Deploying sustainable data centers can infuse opportunities to the local and allied sub-sectors. A 2023 McKinsey report outlines some positives – a 10% increase in consumption of data centers in the US; a proportionate increase in co-location and data center spending; and growth of sustainable and efficient cooling systems within data centers gaining crucial interest for investors.
Arizton Advisory & Intelligence predicts India’s data center market to double to $10 billion by 2027. Such growth is expected to push allied sectors such as real estate. A report by Cushman & Wakefield highlighted interest in secondary and emerging markets for hyperscale and colocation providers. The interest is understandable from an analysis of Anarock-Binswanger report that has indicated the addition of 45 new data centers or 1,015 MW of capacity being added up to 2025.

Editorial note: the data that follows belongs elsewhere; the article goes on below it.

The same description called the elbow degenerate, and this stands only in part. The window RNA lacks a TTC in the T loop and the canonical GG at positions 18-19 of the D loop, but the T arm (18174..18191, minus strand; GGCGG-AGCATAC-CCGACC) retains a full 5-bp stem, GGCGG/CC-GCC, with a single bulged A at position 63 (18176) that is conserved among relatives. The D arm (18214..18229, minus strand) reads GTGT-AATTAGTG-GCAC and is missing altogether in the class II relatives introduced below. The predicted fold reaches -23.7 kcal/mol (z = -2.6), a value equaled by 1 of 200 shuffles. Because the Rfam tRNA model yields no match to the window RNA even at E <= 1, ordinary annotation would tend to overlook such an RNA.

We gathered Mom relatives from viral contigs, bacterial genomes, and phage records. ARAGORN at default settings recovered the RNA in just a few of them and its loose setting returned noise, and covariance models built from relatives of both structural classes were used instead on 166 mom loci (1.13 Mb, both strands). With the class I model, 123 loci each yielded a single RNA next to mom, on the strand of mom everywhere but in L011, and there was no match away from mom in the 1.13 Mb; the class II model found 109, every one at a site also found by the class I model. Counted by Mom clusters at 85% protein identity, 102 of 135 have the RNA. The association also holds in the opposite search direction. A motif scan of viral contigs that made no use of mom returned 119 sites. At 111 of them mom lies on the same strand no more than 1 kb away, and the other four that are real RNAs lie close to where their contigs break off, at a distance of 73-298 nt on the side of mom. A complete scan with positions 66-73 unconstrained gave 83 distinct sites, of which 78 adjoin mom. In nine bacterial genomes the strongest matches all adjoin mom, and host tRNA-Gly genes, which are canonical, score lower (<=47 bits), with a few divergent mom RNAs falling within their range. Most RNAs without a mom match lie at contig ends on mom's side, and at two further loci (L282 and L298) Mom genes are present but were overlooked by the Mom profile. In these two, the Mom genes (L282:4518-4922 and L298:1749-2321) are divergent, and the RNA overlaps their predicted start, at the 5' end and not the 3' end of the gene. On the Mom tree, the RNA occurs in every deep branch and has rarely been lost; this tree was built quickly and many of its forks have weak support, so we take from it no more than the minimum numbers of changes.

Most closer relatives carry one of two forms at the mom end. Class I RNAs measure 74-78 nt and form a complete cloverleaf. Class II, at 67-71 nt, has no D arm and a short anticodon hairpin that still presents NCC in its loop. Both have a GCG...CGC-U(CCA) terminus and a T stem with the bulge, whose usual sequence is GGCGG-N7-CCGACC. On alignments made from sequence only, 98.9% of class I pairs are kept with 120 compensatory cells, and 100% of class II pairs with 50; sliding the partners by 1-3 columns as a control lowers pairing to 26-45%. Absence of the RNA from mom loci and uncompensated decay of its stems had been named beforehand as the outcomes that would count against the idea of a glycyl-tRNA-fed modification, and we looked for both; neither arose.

Localized hosting is a game-changer to enterprises given the practical applications of edge-in areas around IoT, predictive analytics, newer telecom uses, and virtual reality. Edge computing reduces latency, and improves real-time processing capabilities but needs data centers strategically located across the country. An ICRA ratings report estimates an investment of Rs 1.5 lakh crores in the short term. Such an investment will present deliver rich enterprise purpose, and help unlock collaboration and foster new business ideas.
Since data centers empower information access, India’s economy could set fresh milestones in financial inclusion, entrepreneurship, and other social programs. India’s data center business can experience substantial growth by investing in modern and energy-efficient infrastructure, fostering a supportive regulatory environment, integrating renewable energy sources, and ensuring high-speed connectivity. Encouraging cloud adoption, creating interconnectivity hubs, and leveraging edge computing could fuel demand while collaborations could contribute to a thriving data center ecosystem in India.